Bashtard v2.1.0

Bash Bashtard FreeBSD GNU+Linux — Published on .

Its been about another year since I made a post about Bashtard, its 2.0.0 release. Today marks the 2.1.0 release, meaning I’ve gone almost a year without breaking backwards compatibility. To me, this is a very good sign.

The release today isn’t as big as the 2.0.0 release was, mostly because most of the functionality I want to have is already present. Some new features were added over the year, though. The most important one is variable references. This allows re-use of a variable’s value for another variable. Its quite simplistic in how it works, due to the nature of Bashtard being written in Bash and trying to keep things rather simple and lightweight. It does however get the job done for most use-cases I had for it.

Another feature that was added in this release is the zap subcommand. It is a convenience command more than anything, simply removing an existing registry entry without going through playbook_del(). The use case for this is mostly for testing new playbooks. I found that while writing a playbook I’d often remove the playbook entry from the registry to re-run the playbook_add() function to see if it works exactly as desired, and I wanted this to be more convenient. In theory this new zap subcommand is also useful for dealing with entries of broken or removed playbooks.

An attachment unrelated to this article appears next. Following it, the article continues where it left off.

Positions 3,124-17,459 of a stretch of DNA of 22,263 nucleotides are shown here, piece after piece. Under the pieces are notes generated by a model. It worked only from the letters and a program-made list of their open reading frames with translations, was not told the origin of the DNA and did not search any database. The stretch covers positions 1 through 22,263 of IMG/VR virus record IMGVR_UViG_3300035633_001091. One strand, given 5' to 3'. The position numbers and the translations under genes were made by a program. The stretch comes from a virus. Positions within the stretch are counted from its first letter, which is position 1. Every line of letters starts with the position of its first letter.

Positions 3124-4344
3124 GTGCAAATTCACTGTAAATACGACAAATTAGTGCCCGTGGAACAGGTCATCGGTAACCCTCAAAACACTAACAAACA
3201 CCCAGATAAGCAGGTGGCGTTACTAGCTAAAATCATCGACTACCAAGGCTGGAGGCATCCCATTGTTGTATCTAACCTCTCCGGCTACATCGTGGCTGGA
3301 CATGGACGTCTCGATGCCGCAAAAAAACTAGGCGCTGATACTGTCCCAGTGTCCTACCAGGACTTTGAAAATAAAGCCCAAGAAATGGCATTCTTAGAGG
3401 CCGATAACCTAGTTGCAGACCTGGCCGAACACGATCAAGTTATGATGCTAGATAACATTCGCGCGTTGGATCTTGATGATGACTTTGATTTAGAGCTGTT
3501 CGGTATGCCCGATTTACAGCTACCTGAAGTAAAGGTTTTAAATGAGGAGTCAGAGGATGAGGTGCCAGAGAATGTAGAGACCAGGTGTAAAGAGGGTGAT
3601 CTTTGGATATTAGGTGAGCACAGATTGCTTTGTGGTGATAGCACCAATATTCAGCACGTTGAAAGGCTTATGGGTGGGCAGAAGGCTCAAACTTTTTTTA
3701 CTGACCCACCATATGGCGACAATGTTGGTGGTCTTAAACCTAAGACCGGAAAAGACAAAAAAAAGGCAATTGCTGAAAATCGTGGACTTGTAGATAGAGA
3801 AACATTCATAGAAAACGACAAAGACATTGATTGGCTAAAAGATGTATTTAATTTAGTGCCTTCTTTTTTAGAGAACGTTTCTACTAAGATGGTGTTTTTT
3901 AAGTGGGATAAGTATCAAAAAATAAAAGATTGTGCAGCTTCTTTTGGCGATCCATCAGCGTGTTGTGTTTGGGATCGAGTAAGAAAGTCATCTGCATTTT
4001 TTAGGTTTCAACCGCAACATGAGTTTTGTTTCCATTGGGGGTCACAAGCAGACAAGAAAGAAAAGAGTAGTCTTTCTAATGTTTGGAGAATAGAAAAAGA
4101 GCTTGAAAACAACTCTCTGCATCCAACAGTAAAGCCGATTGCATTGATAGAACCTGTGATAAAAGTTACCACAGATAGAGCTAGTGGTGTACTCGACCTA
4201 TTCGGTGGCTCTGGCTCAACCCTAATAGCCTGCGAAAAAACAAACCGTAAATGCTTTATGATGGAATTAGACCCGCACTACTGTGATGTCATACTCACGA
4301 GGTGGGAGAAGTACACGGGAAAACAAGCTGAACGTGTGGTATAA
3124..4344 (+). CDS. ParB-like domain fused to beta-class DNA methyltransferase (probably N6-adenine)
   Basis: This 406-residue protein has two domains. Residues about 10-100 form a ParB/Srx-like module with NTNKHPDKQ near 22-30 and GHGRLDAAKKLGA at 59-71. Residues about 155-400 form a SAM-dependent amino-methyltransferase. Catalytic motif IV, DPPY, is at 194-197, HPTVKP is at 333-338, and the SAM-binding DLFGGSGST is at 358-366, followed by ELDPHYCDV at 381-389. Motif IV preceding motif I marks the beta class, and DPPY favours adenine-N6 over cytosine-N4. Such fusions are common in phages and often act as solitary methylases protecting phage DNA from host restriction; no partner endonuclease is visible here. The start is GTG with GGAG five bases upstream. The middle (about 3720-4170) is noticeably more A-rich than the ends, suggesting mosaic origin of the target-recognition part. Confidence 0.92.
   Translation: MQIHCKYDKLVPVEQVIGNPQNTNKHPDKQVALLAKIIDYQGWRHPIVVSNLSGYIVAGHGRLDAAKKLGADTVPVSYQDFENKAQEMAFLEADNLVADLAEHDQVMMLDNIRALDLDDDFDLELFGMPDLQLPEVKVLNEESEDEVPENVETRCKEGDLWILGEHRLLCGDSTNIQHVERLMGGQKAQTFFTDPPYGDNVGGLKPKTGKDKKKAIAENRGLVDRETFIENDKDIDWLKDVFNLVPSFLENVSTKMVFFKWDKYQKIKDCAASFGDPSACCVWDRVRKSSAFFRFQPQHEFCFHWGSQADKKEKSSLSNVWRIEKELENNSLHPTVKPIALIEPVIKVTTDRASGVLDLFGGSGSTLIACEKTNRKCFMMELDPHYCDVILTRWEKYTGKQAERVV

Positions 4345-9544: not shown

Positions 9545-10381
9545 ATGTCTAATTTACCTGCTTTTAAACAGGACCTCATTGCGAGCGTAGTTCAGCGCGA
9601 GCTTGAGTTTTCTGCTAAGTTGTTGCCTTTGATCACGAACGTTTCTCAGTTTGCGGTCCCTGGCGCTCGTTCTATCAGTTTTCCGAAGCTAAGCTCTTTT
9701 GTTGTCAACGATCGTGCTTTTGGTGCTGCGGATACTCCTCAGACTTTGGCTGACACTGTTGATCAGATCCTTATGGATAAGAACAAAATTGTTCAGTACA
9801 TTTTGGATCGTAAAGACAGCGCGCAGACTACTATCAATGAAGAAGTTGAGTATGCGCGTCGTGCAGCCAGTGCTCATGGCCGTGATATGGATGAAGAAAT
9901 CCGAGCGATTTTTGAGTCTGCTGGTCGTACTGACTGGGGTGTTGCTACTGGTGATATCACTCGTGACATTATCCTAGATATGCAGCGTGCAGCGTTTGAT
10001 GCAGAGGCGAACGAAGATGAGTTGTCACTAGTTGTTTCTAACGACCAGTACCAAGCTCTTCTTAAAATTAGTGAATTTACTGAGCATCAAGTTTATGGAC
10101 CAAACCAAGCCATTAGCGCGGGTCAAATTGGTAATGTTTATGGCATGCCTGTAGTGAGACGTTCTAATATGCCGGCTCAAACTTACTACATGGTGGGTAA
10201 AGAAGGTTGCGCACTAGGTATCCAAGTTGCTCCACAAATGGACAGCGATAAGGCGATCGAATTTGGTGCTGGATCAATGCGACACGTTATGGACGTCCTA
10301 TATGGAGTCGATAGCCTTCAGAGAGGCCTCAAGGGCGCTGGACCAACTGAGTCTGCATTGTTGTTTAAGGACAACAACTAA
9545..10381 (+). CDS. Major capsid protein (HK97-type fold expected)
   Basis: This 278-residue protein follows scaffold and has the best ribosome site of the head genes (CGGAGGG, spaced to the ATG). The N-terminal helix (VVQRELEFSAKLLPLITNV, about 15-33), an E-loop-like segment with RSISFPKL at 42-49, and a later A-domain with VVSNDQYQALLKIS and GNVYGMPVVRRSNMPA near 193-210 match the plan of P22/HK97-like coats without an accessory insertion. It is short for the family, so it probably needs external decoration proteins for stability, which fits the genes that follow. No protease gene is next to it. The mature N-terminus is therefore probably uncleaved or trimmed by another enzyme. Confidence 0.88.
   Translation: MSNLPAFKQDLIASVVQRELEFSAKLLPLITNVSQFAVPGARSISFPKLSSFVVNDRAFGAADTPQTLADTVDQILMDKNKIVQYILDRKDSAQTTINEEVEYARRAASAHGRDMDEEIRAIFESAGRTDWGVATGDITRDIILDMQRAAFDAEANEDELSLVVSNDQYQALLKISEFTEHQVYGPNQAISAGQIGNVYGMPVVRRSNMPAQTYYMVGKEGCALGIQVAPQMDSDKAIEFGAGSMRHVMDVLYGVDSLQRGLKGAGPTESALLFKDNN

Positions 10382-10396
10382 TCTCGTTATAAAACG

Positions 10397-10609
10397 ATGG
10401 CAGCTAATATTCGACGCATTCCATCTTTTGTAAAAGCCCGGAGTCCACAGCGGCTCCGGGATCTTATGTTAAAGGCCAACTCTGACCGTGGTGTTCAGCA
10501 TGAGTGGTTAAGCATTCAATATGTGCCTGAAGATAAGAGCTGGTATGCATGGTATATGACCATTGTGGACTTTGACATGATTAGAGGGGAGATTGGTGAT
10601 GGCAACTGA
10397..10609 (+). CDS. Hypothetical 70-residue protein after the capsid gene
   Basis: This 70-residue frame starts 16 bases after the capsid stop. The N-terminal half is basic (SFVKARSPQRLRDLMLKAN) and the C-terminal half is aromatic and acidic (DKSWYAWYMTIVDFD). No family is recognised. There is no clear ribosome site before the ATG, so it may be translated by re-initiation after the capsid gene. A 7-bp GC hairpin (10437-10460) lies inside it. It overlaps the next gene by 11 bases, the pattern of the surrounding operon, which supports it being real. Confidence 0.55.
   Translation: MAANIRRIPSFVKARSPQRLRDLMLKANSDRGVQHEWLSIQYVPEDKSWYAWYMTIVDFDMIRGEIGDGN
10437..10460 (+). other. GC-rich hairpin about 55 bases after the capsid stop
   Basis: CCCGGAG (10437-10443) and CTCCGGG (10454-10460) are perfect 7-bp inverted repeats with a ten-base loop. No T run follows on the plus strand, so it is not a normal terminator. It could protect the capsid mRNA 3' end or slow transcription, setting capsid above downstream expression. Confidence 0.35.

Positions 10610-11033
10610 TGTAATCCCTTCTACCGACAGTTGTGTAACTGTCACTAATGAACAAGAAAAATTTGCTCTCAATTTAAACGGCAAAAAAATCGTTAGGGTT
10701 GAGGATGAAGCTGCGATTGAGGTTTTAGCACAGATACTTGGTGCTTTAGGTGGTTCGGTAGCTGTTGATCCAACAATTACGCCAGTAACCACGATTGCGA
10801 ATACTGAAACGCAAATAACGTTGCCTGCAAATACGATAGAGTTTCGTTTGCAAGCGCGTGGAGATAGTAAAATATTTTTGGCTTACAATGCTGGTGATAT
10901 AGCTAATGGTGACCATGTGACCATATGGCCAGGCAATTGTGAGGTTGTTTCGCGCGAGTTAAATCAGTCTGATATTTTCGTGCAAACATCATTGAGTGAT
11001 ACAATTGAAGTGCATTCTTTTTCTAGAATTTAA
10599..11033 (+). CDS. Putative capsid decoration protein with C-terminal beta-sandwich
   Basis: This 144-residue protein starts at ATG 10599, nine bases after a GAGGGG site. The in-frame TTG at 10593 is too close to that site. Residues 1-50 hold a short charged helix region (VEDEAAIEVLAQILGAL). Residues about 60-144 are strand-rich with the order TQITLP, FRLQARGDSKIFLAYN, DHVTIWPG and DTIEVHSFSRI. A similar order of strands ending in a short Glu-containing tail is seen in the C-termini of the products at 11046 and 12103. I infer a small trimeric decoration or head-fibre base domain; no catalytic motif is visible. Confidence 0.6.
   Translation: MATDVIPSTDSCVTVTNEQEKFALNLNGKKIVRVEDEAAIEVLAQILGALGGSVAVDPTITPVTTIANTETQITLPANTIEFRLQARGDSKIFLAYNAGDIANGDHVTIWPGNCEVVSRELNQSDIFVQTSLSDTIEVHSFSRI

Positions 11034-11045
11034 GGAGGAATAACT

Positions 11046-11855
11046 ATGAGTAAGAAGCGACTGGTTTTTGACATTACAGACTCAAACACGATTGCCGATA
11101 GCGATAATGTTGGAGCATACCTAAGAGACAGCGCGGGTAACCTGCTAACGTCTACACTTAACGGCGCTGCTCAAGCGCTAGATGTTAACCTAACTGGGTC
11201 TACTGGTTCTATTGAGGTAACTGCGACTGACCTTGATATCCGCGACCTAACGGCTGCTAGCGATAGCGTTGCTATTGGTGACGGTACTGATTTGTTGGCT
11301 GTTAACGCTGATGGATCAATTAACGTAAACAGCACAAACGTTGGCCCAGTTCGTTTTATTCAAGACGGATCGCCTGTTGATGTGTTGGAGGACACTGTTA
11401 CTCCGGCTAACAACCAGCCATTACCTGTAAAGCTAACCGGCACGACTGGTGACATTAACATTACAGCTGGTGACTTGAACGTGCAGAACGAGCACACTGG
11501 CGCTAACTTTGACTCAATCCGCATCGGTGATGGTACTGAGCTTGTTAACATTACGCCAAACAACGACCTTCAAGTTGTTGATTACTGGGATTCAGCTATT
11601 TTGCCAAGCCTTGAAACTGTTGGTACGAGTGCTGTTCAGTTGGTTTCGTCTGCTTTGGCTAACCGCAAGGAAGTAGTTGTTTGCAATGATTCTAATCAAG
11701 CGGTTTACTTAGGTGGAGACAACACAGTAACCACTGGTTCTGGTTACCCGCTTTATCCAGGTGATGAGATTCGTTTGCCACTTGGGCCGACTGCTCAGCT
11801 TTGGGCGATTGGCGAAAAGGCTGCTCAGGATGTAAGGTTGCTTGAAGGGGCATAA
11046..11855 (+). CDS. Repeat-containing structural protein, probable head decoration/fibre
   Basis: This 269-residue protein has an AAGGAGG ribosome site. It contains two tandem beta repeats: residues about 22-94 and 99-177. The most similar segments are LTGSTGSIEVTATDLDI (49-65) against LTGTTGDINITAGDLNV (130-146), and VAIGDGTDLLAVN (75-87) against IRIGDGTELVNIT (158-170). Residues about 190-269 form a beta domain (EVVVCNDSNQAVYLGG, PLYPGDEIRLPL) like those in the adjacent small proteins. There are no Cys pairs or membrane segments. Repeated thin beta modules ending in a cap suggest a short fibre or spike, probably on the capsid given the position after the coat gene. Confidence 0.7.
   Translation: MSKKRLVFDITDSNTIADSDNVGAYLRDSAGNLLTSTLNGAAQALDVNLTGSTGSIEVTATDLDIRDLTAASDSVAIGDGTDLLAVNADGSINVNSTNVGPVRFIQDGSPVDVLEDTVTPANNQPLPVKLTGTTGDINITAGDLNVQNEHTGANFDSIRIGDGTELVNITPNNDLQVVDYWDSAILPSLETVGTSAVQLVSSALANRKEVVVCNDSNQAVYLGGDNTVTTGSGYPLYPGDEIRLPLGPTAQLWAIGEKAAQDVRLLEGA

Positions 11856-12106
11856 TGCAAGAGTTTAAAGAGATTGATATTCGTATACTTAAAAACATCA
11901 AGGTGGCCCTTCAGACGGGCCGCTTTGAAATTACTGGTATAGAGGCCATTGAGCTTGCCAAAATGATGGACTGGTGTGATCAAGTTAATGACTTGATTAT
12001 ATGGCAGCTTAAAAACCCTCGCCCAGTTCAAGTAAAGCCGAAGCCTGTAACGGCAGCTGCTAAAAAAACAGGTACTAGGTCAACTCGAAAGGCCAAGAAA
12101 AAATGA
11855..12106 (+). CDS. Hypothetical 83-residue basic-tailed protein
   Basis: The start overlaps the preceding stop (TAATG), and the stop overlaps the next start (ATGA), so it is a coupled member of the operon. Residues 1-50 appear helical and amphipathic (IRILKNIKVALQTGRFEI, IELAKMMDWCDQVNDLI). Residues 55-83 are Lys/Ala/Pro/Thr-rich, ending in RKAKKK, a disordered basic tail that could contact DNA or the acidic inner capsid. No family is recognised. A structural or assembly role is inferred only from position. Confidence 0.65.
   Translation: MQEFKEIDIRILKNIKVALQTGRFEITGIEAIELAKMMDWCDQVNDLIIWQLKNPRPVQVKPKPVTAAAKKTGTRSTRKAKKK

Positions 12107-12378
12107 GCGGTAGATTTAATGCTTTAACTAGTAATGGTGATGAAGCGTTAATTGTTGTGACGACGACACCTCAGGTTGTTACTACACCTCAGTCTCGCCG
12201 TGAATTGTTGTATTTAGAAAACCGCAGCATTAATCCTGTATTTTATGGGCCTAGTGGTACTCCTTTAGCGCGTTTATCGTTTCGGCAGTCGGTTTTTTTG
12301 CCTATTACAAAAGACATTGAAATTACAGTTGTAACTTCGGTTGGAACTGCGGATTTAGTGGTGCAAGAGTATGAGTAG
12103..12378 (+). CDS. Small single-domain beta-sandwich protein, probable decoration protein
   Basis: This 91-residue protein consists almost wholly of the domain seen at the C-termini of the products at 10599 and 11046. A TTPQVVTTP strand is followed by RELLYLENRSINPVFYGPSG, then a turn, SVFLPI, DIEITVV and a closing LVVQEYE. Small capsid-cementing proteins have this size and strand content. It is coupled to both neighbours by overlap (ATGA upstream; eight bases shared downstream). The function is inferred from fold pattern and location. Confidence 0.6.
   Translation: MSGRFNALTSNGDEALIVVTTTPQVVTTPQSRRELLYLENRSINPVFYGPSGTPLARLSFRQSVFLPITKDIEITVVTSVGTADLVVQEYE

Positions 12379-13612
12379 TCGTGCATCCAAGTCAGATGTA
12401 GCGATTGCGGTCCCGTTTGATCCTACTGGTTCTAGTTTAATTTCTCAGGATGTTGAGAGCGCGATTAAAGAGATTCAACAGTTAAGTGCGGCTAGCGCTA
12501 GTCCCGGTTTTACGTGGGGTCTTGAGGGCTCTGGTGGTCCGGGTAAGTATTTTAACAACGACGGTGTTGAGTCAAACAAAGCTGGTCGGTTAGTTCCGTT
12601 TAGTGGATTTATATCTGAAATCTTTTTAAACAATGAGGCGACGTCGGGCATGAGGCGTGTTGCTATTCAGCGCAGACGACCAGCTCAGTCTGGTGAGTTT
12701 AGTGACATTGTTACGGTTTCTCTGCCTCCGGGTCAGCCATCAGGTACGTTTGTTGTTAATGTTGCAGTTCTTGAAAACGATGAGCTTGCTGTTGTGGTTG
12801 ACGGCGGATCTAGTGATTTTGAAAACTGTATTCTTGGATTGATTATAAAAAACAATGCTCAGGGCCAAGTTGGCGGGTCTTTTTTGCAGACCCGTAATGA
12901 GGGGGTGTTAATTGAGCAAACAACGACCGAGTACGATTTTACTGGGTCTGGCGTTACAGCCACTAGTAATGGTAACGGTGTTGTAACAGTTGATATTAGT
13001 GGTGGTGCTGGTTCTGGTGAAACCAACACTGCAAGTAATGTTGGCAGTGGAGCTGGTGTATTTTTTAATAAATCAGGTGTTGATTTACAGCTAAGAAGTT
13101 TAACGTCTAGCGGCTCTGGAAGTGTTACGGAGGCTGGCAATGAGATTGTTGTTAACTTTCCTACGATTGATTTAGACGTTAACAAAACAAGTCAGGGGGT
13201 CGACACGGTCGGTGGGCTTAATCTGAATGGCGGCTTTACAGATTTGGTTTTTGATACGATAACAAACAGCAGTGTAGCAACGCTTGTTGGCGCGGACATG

For a future release I’d like to add import and export subcommands, for making it easier to handle external playbooks. The import subcommand is intended to take an URL and optionally a name to simply add an existing repository as a submodule in the playbooks.d directory.

The export subcommand should take a name as it exists in the playbooks.d directory and turn it into a git submodule, so it can be pushed to its own repository. The intent is that you can just make a regular playbook for use within Bashtard, and if you decide “hey, this could actually be useful for others in its current state”, you can simply export it, and push it to a repository for other people to pull from.

Additionally, I would like to remove the backup subcommand from Bashtard, as I feel it adds a level of bloat and scope-creep which simply should not be there. While this would result in a 3.0.0 release of Bashtard, keeping it just for backwards compatibility seems a little silly to me.

I’m on the fence for the ssh subcommand, as it seems more closely aligned to Bashtard being used to manage several systems, and ssh can be very useful to check something across your entire network. Considering the recent SSHd vulnerability, it was quite easy to run a single command across all my machines and get an overview of which machines were affected.

Let’s see what the rest of this year brings in Bashtard changes!